Social Innovation Challenge
The 2010 Social Innovation Challenge was a high-impact, time-limited way to deploy the smarts and innovation of Utah’s entrepreneurs to the common and complex problems facing our nonprofits. It used financial and intellectual capital effectively and efficiently to create a profound change in the way Utah charities approach their work. The Challenge offered a new way of approaching public issues built on innovation, accountability, and impact. In short, it’s smart philanthropy.
Our model is available for free to anyone who would like to use it. Call the Foundation and we'll gladly send you the details.
Congratulations to the winning agencies!
- Head Start - represented by Erin Trenbeath-Murray (receiving flowers form our Board Chair Greg Warnock)
- Disability Law Center
- KUED Public Television
- Spy Hop Productions
- Utah Partners for Health
- Vivace - a program of the Utah Symphony/ Utah Opera
Entrepreneurs, whether in the business or nonprofit sector, are innovative and determined individuals driven to solve complex problems. The Community Foundation of Utah seeks to “engage the giving minds” of Utah’s entrepreneurial spirit in service to the common good through smart philanthropy. For example, it created the nation’s first “speed mentoring” event where 60 entrepreneurs shared their expertise with nonprofits. The day was an overwhelming success—and just the first of a series of initiatives we call Enlightened Entrepreneurs. The Social Innovation Challenge was the next step for Utah’s entrepreneurs and nonprofit organizations to take calculated risks, gain new skills and networks, and demonstrate a new way to address social issues together.
The success of our public institutions is critical to Utah’s continued economic development. Nonprofit organizations, whether they take care of neighbors in need, safeguard our environment, educate our children, or feed our souls, make our communities stronger and more vibrant. Utah’s public charities are under severe stress. Giving is down by more than 50 percent, while demand for assistance has increased dramatically. Our public sector is hungry for new ways to achieve results. Entrepreneurs have a desire to help, but have limited time and want their efforts to have a measurable impact. Nonprofits need business skills, but cannot afford to hire expertise and need an intermediary to help use entrepreneur volunteers effectively.
The Social Innovation Challenge (SIC) is a high-impact, time-limited way to deploy the smarts and innovation of Utah’s entrepreneurs to the common and complex problems facing our nonprofits. It uses financial and intellectual capital effectively and efficiently to create a profound change in the way Utah charities approach their work. In addition, SIC offers a new way of approaching public issues built on innovation, accountability, and impact. In short, it’s smart philanthropy.
How does it work? Thirty nonprofits submitted one-page proposals describing a complex issue facing their organization and likely common to the sector as whole—for example, how to generate revenue, find a new approach to a long-standing social issue, market to millennials, or manage cash flow. Initial teams of mentors selected the 15 most promising proposals, and an advisory committee selected six finalists.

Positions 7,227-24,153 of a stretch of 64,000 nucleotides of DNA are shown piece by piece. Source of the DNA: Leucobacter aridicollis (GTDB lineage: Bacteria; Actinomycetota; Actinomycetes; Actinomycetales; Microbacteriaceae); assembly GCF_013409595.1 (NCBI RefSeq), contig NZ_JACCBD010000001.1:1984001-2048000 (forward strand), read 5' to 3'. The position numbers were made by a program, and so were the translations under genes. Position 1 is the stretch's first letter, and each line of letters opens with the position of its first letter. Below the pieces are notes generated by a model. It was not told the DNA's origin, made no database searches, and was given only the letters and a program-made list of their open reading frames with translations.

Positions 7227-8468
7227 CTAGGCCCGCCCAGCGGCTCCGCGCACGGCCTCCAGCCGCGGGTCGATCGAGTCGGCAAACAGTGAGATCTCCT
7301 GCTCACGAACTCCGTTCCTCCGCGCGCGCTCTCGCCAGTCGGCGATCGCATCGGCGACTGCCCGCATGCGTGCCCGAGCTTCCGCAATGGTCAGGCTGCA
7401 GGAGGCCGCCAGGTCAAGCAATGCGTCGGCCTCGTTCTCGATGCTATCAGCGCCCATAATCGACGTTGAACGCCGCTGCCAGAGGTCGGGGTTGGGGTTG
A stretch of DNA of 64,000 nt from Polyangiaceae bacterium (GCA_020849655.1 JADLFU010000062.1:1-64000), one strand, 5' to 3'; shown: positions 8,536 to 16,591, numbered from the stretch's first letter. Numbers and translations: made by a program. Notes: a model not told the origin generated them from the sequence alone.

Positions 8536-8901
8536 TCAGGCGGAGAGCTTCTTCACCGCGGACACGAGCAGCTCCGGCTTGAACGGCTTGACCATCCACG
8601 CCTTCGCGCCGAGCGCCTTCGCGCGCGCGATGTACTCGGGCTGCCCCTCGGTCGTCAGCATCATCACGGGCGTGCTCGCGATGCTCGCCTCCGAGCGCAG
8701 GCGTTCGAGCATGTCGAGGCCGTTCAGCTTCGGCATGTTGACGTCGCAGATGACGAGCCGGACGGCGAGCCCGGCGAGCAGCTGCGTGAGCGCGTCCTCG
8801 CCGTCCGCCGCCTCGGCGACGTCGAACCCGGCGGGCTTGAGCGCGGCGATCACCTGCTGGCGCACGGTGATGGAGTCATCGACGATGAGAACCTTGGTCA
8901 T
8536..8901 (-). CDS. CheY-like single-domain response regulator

Six organizations with focuses in education, the arts, public broadcasting, and health and human services were given a project team of volunteer mentor-entrepreneurs, a small budget, and just three months to develop, implement, and reengineer the solution to their business problem. The mentors work in tandem with the nonprofit leadership to create tangible, innovative, and replicable plans. SIC is designed to meet the busy schedules of our mentors; their desire to work on a short- term, high-impact project; and the foundation’s desire to help nonprofits learn to innovate. The project teams are cross-disciplinary, building the professional networks and skills of the volunteers while doing good.
Graduate MBA students from the David Eccles School of Business and MPA (public administration) students from the Romney Institute at BYU coordinated the teams and evaluated both the individual projects and the challenge as a whole. Results will be published in a case study format for use in classrooms and nonprofits trainings in the future.
On December 7, the teams presented their results to 150 leaders from academia, foundations, venture capitalists, and the corporate and nonprofit sectors. The teams used the language of social entrepreneurship: new ideas generated, new efficiencies created, new markets reached, and the return on investment. An expert panel probed the teams and the audience chose a grand prize winner.
The issues and their solutions will have broad applicability to other charities. Our case studies will share the learning in Utah and beyond. In addition, the Community Foundation of Utah is fostering a new generation of philanthropic entrepreneurs that give of their intellectual capital for the common good. This is a first of its kind not just in Utah, but the nation. The teams have developed entrepreneurial solutions to “impossible” but common issues, increasing the creativity and innovation in six vital and diverse nonprofit organizations.